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17 Jan 2015

Rep. Norcross applauds House passage of measure to prevent veteran suicides

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January 17, 2015 Category: Health Posted by:

ABOVE PHOTO:  Congressman Donald Norcross

WASHINGTON, DC – Late yesterday, Congressman Donald Norcross voted to support the House passage of H.R. 203, the Clay Hunt Suicide Prevention for American Veterans (SAV) Act. Named after a marine veteran who took his own life in 2011, this legislation seeks to end our nation’s growing veteran suicide epidemic that is estimated to claim 22 lives every day.


“Countless veterans are suffering from the mental health effects of combat – and just as they answered the call to serve and protect our freedom, we need to act now to provide them with the services they need to overcome these challenges,” said Congressman Norcross who was appointed to the House Armed Services Committee last week. “By delivering better access to mental health services, we can help streamline the care veterans need and deserve before tragedy strikes.”  

Hours after the bill’s passage, Congressman Norcross had an opportunity to meet with Secretary of Veterans Affairs Robert McDonald to discuss ways to improve health care services for South Jersey’s veterans. The Secretary highlighted the increased episodes of traumatic brain injury, PTSD, and depression among veterans who have served in Afghanistan and Iraq. The Clay Hunt Suicide Prevention for American Veterans Act addresses these injuries by establishing a peer support and community outreach pilot program to assist transitioning servicemembers with accessing VA mental health care services.  To ease access to services, the bill will require the VA to create a one-stop, interactive website to serve as a centralized source of information regarding all mental health services for veterans.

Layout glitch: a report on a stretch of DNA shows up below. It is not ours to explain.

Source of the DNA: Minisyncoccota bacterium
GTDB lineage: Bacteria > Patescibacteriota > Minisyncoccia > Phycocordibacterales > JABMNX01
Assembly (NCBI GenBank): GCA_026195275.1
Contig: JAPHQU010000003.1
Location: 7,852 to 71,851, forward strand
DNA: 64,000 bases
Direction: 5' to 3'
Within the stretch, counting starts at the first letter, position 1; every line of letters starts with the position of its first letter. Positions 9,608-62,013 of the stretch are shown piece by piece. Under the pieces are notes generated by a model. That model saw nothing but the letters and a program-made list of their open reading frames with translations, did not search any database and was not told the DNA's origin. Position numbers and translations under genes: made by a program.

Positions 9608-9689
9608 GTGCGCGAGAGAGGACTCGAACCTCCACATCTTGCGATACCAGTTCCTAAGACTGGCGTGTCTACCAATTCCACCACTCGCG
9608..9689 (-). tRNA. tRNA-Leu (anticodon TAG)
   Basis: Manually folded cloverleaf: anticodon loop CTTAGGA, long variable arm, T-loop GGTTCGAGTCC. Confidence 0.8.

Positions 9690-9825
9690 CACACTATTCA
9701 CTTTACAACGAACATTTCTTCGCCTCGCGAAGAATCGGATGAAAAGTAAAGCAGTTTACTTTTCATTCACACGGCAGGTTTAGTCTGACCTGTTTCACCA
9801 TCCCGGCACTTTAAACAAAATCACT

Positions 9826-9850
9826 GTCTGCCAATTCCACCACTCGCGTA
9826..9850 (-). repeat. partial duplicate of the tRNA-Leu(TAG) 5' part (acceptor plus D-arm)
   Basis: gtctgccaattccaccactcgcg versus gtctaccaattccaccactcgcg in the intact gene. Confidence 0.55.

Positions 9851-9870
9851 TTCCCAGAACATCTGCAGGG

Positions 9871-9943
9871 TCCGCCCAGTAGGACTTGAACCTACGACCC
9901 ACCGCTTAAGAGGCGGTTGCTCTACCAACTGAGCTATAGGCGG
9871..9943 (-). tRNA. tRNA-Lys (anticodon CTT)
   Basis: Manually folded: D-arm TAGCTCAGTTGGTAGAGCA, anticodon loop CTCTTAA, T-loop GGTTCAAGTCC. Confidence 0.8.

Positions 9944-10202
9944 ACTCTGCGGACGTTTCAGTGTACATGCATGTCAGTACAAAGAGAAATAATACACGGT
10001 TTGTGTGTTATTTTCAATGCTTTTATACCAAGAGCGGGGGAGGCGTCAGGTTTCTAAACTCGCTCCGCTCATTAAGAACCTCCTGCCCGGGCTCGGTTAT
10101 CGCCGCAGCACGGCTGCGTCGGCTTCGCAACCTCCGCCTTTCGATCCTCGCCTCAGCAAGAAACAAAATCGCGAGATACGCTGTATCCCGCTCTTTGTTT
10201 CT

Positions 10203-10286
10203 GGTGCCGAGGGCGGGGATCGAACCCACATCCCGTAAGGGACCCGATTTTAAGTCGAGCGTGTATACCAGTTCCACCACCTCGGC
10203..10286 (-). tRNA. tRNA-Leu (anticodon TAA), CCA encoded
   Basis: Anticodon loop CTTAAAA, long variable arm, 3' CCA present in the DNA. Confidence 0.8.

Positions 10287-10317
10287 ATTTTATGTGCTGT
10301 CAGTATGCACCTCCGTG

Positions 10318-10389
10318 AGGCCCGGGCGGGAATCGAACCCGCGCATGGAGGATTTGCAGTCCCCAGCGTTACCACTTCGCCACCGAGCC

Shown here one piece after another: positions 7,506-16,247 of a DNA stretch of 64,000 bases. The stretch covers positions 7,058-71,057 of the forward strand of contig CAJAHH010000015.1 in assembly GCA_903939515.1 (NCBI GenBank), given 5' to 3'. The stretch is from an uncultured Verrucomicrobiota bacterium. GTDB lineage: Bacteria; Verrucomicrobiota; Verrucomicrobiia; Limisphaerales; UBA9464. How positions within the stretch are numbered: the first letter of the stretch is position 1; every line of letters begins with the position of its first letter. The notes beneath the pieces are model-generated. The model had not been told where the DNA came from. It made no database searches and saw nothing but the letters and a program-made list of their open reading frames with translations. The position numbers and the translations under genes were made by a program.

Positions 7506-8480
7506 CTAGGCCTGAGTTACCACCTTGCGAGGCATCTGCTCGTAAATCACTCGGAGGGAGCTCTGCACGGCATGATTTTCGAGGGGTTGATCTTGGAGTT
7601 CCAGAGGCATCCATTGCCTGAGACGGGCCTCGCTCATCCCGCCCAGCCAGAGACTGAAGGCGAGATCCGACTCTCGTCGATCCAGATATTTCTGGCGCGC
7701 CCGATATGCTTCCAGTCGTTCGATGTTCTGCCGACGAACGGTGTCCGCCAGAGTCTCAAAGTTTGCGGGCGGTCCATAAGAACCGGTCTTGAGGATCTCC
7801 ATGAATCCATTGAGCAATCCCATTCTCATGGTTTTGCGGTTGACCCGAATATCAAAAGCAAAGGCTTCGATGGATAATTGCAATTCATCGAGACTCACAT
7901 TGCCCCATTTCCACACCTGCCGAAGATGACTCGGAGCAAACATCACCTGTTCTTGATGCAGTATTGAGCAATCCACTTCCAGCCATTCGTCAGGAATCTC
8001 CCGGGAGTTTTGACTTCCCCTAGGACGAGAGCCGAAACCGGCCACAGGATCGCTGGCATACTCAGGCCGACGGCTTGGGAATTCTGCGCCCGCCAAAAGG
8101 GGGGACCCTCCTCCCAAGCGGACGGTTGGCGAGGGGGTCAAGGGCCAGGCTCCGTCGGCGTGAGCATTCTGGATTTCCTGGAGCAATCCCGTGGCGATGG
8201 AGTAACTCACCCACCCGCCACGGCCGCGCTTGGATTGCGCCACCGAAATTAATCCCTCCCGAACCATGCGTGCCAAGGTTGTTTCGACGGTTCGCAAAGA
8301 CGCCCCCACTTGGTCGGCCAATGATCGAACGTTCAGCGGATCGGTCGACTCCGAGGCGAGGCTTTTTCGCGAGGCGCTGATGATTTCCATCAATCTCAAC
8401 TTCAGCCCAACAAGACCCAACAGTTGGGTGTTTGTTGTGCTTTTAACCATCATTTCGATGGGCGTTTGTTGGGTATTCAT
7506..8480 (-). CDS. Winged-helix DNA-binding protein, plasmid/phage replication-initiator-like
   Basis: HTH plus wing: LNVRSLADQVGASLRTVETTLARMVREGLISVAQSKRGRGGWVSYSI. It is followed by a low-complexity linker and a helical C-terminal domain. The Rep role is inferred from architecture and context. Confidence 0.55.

The bill also establishes a pilot program aimed to assist psychiatry students with their student loan debt as an effort to help address the shortage of mental health care professionals and retain the quality psychiatrists currently serving veterans. To improve care, the legislation will require an annual, third-party evaluation of all mental health care and suicide prevention practices and programs at the VA to find out what’s working and what’s not. 

The bill was introduced by Rep. Tim Walz (D-MN), the highest ranking enlisted soldier ever to serve in Congress and co-authored by Chairman of the House Committee on Veterans’ Affairs Committee Jeff Miller (R-FL) and Rep. Tammy Duckworth (D-IL), a Purple Heart recipient, Iraq War veteran, and member of the Army National Guard. 

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